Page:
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The Most Radical Addition to Oak Cliff Might Be A Bookstore

E-books and Amazon and other industry changes have battered the traditional book trade.  Which is why we don’t see many new bricks-and-mortar bookstores opening these days. But an independent bookstore just opened in Oak Cliff, and it’s an unusual one.

First things first. Yes, Paco Vique has heard all the objections and warnings. He’s well aware starting a tiny, new, independent bookstore seems to go against the prevailing wisdom when it comes to the online future of publishing or retailing.

“It’s anti-business,” Vique said with a laugh. “That’s what I call it, anti-business, this crazy idea of opening a bookstore.”

Vique and his business partner, Javier Garcia del Moral, are both from Spain. They work for a multinational construction company based in Madrid. They both came to Texas several years ago. And Vique and del Moral are not experienced book industry insiders. In fact, they’re civil engineers.

“Yeah, roads and bridges,” he said with a grin. “So we are partly the ones to blame when you are sitting in traffic because of that construction going on. There’s a good chance that we had something to do with it.”

Yet the two have renovated a wood-frame house with a porch into a bookstore calledThe Wild Detectives. It’s on 8th Street in Oak Cliff, less than a block from the Bishop Arts District.

On a Saturday afternoon children were playing down the street, people driving by slowly in cars, looking for places to park as close to Bishop as they can get. Vique and del Moral live nearby, and the bookstore wasn’t their first culture project in the neighborhood. Two years ago, they started the Pata Negra Spanish-film series at the Texas Theatre.

But their new bookstore has been a fantasy of theirs. It’s another attempt to bring something a little more cosmopolitan, a little more European to Dallas. It’s a bookstore that serves coffee, a little food, but most notably, beer and wine. The store will host concerts, and maybe even screen films.

Vique said there are a dozen bookstores that work like this in cities like Madrid. “We thought there might be room for something like that here,” he said. “You know, books, as much as we love them, they’re not going to be the item that sustains the business.”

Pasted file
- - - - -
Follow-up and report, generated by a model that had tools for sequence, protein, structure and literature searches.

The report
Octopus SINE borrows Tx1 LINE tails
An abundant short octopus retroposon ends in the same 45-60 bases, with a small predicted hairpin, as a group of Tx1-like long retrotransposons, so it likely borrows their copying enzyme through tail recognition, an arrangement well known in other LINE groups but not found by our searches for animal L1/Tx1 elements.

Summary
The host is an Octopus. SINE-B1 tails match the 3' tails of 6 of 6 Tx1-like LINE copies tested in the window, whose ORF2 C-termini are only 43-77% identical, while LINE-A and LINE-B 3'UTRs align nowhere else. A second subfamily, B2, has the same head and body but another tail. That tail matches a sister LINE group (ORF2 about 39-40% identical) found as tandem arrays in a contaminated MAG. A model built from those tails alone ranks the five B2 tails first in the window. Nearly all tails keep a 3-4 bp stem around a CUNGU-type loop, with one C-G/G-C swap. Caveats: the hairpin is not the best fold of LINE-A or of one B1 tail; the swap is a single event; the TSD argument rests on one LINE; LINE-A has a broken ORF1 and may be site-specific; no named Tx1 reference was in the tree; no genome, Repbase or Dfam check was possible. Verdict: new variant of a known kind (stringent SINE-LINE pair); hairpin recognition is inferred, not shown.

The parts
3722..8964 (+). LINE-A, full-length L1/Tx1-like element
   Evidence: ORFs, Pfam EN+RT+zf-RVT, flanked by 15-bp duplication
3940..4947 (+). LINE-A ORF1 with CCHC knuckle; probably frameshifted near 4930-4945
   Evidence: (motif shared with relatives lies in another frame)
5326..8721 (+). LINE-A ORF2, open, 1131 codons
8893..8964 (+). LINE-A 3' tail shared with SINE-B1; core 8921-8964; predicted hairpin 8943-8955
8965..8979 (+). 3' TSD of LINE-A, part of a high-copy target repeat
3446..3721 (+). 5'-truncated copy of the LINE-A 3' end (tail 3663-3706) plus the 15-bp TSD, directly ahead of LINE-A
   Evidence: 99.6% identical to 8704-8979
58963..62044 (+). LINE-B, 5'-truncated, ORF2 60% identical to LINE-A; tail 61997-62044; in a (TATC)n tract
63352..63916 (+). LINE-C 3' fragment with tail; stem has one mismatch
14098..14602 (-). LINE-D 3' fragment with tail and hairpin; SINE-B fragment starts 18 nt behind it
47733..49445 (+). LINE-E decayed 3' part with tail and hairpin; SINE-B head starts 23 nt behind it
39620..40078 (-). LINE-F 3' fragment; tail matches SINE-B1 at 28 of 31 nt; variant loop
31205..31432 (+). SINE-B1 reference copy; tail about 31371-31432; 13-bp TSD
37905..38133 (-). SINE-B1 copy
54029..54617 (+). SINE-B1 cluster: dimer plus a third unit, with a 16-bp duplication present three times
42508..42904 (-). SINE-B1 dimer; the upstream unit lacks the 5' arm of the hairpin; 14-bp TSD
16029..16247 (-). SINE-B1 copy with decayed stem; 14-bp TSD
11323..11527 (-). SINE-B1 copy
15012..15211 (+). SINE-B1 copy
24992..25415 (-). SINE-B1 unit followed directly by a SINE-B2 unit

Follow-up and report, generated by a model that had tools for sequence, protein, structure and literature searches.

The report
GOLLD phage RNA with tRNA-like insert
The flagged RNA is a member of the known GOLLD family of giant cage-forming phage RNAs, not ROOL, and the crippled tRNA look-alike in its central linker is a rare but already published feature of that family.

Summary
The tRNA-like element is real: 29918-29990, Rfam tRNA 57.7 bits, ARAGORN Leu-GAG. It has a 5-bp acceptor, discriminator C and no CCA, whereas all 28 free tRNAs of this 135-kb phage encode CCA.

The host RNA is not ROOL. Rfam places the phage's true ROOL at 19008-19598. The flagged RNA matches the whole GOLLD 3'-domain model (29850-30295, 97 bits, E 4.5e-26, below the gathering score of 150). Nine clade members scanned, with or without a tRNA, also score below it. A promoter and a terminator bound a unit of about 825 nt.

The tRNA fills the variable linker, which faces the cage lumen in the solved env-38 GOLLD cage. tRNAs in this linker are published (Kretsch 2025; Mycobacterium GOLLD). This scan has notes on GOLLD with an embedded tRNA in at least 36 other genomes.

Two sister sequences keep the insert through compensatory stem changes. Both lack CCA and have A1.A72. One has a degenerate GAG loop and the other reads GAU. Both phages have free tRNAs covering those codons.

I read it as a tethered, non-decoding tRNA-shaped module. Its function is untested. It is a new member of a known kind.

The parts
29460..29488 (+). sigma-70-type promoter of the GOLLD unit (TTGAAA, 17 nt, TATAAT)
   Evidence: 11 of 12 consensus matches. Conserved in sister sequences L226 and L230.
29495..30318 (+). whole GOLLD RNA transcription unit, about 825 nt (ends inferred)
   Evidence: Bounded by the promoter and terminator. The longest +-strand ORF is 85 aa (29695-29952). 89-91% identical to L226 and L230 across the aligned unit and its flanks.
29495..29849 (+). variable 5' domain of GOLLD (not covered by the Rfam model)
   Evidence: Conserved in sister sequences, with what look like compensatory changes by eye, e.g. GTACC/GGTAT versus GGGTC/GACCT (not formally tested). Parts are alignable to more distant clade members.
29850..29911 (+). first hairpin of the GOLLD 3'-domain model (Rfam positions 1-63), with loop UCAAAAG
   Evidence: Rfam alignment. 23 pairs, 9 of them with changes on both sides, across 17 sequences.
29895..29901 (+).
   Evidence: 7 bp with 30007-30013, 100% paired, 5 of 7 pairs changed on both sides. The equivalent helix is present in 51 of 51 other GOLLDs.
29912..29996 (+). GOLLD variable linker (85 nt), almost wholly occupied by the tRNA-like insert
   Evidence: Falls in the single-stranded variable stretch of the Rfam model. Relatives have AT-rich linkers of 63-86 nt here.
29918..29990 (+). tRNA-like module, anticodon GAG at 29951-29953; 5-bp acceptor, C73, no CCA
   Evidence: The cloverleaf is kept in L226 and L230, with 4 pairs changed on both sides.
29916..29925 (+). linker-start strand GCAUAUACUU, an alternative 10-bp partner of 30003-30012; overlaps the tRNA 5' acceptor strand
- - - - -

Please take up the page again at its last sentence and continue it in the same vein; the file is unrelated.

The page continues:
So they’re not being completely blind to the economics of the bookselling market. It’s always had a thin, unreliable profit margin. Yet it was those other, more profitable items – getting the city permits to serve food and beer and coffee – that kept postponing their store’s opening for months.  Vique and del Moral finally got their certificate of occupancy just late last week, so they’re having a “soft opening.” They’re planning on a splashier debut once this shakedown cruise is done.

Despite the name, The Wild Detectives is not a mystery bookstore. Nor is it a Spanish-language one, though it does carry Spanish-language books. The store’s name derives from The Savage Detectives, the celebrated novel by the late Chilean author Roberto Bolano. And that gives some idea of what their inventory is like. It’s literary and sophisticated, it’s ‘multinational.’ The handsome interior of the store is not wall-to-wall books. It doesn’t have the great mass of bestsellers and remainders found at the typical chain store. This is a small, thought-out selection.

Robert Howell was one of the shop’s first customers. He teaches philosophy at SMU (“anyone who has a job in philosophy is doing well”). “[I’ve been] looking for an independent bookstore in Dallas since I got here, which was about 11 years ago. So it’s a thrill to know it’s just right down the street from me, right up here on Bishop,” Howell said.

Beyond the convenience and the food-and-beer-and-music, it’s the book selection and the knowledge behind it that appeal to him.

“It’s clearly a curated collection,” he said. “They know what they’ve got, and they know why they’ve got it. And that’s something you don’t see in the big stores. And that, I think, is what’s going to bring value to small bookstores as opposed to Amazon.”

Actually, these days, there are small, promising trends for independent bookstores finding their own niches. The American Booksellers Association says their numbers have been growing — slowly — for five years.  Previously, it wasn’t so much that bookstores were closing up shop — there was always turnover in the business. It’s that they weren’t being replaced. The kinds of people who once might have started one were being scared off by our new digital age, by how much more work it’s become to make a store succeed and become a city favorite.

Nowadays, it certainly helps independents that chain stores have been seriously retrenching. And Vique sees his own store as part of a wider trend for the small, the local, the independent, the neighborhood-based, over the big, the corporate, the digital. It’s a trend he sees even in Dallas

“There’s a lot of good things going on here,” he insisted, after a list that includes the Texas Theatre, the Arts District, Oak Cliff in general and On the Eve at Theatre Three. “But it takes time to find them. So I said, it’ll be easier to open this place in Barcelona or Madrid — or Austin, actually.”

“But,” he adds with the friendly laugh that seems to punctuate half of what he says, “I like a challenge.”

Besides, the nearest competition from a chain bookstore? It’s 13 miles away.

You can listen to the radio story on The Wild Detectiveshere.

Jerome Weeks is the Art&Seek producer-reporter for KERA. A professional critic for more than two decades, he was the book columnist for The Dallas Morning News for ten years and the paper’s theater critic for ten years before that. His writing has appeared in the San Francisco Chronicle, Los Angeles Times, Newsday, American Theatre and Men’s Vogue magazines.